Russia can retaliate to western sanctions more harshly

The U.K.'s call for tougher sanctions from the EU on Russia in expelling it from the interbank SWIFT system can backfire with Russian retaliation on the West, according to the co-founder of the Macro Advisory Group based in Moscow, SIA reports quoting AA.

The Group's Co-founder Chris Weafer said that excluding Russia out of SWIFT, an interbank system that provides safe and secure financial transactions for its members, will not affect Russia as significantly as anticipated, but Russia could in retaliation adversely affect the west's aircraft construction sector.

"A SWIFT ban would not prevent big companies making transactions like oil companies’ energy payments, as they could also easily use Asian banks, but it might hit individual customers trying to send money abroad." Weafer said, explaining the move may boost Putin's support base.

"Imposing sanctions on individuals would only work for increasing public support for Putin, and the Russian economy could suffer but the Russian people are ready to take on the burden," he added.

Weafer stressed Russia could retaliate to the new banking sanctions, likely to be introduced with the U.K.'s lead, more harshly. He said people are backing Putin’s politics and clearly Russia is preparing for a harsh winter.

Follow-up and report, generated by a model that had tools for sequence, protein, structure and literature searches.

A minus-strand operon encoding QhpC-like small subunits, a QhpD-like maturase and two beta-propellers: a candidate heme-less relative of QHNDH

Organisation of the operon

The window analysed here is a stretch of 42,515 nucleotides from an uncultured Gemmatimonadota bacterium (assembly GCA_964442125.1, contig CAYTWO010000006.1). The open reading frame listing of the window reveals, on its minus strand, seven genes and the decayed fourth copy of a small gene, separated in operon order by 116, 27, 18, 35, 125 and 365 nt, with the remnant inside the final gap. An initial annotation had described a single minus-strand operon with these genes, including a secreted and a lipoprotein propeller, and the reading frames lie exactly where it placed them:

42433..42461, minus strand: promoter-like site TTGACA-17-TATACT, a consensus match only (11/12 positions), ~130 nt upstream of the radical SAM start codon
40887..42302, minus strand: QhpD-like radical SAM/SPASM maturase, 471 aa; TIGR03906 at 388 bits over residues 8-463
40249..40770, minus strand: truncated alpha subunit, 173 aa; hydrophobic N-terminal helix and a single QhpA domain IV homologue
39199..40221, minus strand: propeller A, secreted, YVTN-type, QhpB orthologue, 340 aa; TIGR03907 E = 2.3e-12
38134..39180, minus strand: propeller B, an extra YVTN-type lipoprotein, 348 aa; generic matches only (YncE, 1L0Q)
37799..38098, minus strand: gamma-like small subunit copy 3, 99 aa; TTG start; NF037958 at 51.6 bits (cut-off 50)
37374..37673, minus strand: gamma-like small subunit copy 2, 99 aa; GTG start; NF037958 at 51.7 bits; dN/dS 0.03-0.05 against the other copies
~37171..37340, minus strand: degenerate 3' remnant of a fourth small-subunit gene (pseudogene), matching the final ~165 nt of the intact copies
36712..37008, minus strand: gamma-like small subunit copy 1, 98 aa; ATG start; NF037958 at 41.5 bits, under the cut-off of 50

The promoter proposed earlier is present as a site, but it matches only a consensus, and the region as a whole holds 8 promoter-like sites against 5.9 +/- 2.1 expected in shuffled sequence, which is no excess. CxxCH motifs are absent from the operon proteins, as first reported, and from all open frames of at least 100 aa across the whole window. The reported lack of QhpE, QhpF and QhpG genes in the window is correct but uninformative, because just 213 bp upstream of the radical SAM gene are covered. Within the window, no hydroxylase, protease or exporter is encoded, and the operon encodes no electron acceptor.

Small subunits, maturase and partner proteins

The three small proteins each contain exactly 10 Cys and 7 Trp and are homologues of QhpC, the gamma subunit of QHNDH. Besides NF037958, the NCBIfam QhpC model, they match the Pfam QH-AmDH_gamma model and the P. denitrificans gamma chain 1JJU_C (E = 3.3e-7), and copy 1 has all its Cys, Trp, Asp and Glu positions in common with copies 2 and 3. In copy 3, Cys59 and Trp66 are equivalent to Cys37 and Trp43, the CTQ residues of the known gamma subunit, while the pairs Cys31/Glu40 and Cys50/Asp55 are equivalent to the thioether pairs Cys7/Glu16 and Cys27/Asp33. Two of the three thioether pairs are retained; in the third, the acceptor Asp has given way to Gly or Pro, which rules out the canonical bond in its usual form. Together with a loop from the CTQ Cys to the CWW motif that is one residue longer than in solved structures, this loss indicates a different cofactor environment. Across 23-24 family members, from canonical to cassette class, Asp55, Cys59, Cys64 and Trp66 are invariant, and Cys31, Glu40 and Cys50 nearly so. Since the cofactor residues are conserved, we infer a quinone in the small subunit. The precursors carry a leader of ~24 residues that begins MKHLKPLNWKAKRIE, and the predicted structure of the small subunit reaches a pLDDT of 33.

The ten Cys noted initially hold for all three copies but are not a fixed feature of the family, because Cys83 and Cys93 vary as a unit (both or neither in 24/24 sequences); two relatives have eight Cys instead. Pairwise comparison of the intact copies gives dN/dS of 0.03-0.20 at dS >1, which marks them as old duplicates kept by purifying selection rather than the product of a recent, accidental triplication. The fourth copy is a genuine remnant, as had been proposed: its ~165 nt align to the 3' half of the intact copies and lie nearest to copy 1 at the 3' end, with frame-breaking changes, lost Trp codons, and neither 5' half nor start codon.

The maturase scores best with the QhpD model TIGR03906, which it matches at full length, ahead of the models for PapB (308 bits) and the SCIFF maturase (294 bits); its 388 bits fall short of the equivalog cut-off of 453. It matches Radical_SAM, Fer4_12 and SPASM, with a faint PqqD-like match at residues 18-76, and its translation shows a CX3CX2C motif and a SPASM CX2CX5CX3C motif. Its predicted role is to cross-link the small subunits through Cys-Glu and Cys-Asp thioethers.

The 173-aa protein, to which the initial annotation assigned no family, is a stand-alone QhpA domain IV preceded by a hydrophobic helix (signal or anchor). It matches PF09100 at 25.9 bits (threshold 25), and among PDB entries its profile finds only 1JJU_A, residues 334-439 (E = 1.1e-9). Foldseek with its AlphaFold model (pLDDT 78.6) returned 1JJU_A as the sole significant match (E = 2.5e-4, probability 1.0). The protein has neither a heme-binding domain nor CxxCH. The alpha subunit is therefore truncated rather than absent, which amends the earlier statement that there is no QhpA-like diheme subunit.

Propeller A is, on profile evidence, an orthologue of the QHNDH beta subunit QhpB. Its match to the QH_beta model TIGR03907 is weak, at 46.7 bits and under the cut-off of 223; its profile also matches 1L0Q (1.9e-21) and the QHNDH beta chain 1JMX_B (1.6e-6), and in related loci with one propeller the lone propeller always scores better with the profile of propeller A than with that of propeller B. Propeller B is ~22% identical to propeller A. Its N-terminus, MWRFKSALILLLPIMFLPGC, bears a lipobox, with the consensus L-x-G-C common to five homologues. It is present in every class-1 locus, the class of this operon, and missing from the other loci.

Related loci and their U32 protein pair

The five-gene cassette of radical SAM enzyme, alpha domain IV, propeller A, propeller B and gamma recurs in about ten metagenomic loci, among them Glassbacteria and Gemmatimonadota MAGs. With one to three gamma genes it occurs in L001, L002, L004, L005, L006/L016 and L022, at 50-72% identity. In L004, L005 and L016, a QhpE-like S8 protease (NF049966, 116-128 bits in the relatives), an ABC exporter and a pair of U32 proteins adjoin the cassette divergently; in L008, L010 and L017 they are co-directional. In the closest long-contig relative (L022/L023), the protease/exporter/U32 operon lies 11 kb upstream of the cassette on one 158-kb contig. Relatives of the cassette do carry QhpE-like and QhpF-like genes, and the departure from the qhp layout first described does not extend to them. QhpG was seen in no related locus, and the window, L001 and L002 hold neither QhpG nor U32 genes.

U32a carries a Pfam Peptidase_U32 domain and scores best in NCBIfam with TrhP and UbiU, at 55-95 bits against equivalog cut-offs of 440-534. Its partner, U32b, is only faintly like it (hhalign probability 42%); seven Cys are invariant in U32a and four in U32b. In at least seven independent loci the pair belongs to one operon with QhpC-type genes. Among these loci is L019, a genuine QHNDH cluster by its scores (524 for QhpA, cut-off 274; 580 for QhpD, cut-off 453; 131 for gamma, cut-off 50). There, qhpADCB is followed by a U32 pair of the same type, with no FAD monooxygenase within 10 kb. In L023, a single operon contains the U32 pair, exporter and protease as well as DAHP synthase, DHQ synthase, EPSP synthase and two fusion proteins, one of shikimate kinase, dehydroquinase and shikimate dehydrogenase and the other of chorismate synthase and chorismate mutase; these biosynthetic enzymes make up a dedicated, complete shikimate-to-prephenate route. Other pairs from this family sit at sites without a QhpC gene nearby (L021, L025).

"There are talks that Russia will place a ban on Siberia over flights, which could increase costs for airline companies to a great extent. Russia is also the key supplier of titanium for Airbus and Boeing. Russia exports semi-manufactured titanium and if Russian stopped supplying this, it will hit aircraft production." Weafer said.

Weafer stressed Russia is more selective in its responses, targeting specific industries for efficiency as has been the case with the food imports ban which caused a huge impact on farmers from Poland, Lithuania and Spain.

"I think Russia cutting the gas flow to the west would be the last option" Weafer said.

Airbus, Boeing and United Technologies obtain most of their titanium material needs for aircraft production from Russian giant, VSMPO-Avisma Corp -- one of world’s biggest titanium suppliers.

According to official figures of the company, the U.S. became the largest customer in 2013 with 46 percent share in the overall exports of the company while EU countries became the second with a 45 percent share. The Russian titanium giant produces 40 percent of titanium used in Boeing aircrafts alone.

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